In continuation of my previous Georgian Eats, I thought I would add some popular items found across the country.
Ok, so this dish isn’t solely Georgian, per se. But since it's on virtually every menu at every Georgian restaurant in Tbilisi (and others), I’m including it. It really is a dish that hasn't changed in a few thousand years. Because of its simplicity, it has some variation in almost every country, and in most ethnicities within those countries they prepare it slightly differently or with a particular sauce, side, etc...
The idea is simply a cleaned trout (or any other river or sea fish really) doused in salt and fried in oil till golden brown. If you want to be really old school, use a fish sauce or garum instead of salt, as this is most likely what an ancient Georgian would have used, influenced by Romans. Typically, it is served here with a pomegranate sauce that is viscous and sweet/tart in flavor. Some more Western palettes may not find it so tasty, but I find it absolutely delectable. Of course, simply adding a little finishing salt or garum never hurts when eating it either.
This is another Georgian staple. Anyone who has googled, visited, or basically thought of Georgia has seen this dish. It comes in a variety of styles and can be found in everything from a village street-side bakery to an upscale boutique restaurant in Tbilisi. Essentially this dish IS Georgia.
The most commonly found variation of this dish found in streetside bakeries is similar to the lobiani dish from Part I. It is Khacha cheese and some butter wrapped in that same puff pastry. The Khacha cheese is this crumbly, salty, bold flavored cheese that looks similar to goat cheese. It is an acquired taste on its own, but with some butter and pastry to settle its intensity it is an amazing treat while walking through the streets or taking a rest in a park.
The most popular restaurant variety is what is called Adjaruli Khachapuri. This bad boy is a serious feast, even for a party of 3 or 4. It is a light doughy boat-shaped container with the Khacha, and sometimes other cheeses added, a slab of butter, and a raw egg to top it off. It is served piping hot, and requires a member of the consuming party to break of a tip of the bread boat and stir in the egg and butter. The butter melts and the egg cooks, creating this cheesy, eggy, buttery mixture that makes for a supreme meal on its own. While certainly a diet breaker, it’s well worth the sacrifice.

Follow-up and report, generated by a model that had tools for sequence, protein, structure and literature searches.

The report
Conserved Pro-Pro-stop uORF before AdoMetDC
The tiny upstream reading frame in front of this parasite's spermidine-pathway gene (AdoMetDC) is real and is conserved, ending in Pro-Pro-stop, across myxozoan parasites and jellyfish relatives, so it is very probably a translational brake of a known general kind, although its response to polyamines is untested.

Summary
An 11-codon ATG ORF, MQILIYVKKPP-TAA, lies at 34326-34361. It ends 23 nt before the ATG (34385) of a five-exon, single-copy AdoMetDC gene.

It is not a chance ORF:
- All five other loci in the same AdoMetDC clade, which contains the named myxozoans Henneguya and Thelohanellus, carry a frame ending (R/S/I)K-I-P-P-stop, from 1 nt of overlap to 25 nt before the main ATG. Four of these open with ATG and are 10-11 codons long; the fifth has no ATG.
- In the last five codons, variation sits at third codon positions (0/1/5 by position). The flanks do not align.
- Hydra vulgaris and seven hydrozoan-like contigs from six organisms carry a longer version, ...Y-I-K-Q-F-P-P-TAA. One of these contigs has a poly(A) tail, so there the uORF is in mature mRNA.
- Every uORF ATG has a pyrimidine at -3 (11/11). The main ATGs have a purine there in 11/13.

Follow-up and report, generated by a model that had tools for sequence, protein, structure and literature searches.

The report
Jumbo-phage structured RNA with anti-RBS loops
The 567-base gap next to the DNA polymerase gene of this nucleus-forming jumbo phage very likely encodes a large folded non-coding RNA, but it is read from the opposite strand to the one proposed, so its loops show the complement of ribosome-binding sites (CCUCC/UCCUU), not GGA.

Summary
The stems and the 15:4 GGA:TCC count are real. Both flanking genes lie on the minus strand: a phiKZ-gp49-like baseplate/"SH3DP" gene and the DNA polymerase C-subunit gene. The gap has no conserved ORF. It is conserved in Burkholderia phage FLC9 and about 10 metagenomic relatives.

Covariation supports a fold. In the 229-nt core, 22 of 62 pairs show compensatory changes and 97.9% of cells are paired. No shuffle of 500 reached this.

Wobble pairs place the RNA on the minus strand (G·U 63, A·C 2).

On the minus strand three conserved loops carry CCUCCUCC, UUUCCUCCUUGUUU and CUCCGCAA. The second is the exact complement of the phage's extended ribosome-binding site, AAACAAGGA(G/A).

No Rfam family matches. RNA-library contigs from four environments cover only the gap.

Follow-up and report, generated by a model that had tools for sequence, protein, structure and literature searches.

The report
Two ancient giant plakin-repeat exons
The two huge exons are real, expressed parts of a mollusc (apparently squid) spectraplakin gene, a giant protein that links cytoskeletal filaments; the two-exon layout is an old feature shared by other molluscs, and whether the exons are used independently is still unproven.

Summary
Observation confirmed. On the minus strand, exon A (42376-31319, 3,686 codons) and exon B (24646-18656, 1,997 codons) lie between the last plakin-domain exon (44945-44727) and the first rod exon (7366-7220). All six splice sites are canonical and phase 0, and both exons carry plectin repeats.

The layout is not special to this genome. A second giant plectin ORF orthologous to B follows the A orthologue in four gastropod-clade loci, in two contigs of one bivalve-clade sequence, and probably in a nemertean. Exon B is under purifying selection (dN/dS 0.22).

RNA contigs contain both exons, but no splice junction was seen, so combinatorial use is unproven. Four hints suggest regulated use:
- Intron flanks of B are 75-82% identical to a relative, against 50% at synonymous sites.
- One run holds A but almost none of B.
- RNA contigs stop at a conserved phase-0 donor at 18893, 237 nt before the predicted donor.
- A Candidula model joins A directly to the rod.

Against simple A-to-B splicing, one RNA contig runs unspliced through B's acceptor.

Other variants include Imeruli, Royal, and Megruli although many food experts even say there’s up to 53 different types served around the region. If there’s anything one should partake upon visiting this nation, it's this amazing dish, diets be damned.
Chvishtari & Mchadi
Cornmeal is found all over the modern world, and their use has broad applications. Georgians have used this for Mchadi and Chvishtari, a local cornbread style dish that is a popular side item or travel snack.
Mchadi is simply an ovular patty of this cornmeal mixture, which varies about as much as there are people making it. It's fried and served hot. Chvishtari is the same concoction, but with sulguni cheese mixed in, or a slide of it placed inside the center fold. When served hot, these are an amazing small, easy to make, and even filling dish.
As it is basically a flatter cornbread, it is also used with sauces and other food items. It can be made flatter and with sautéed vegetables, cream or cheese sauces, and even with a slice of meat. The possibilities are endless and only limited by your imagination (or what you have in your kitchen).
Fried Trout with Pomegranate Sauce, Olives, and Parsley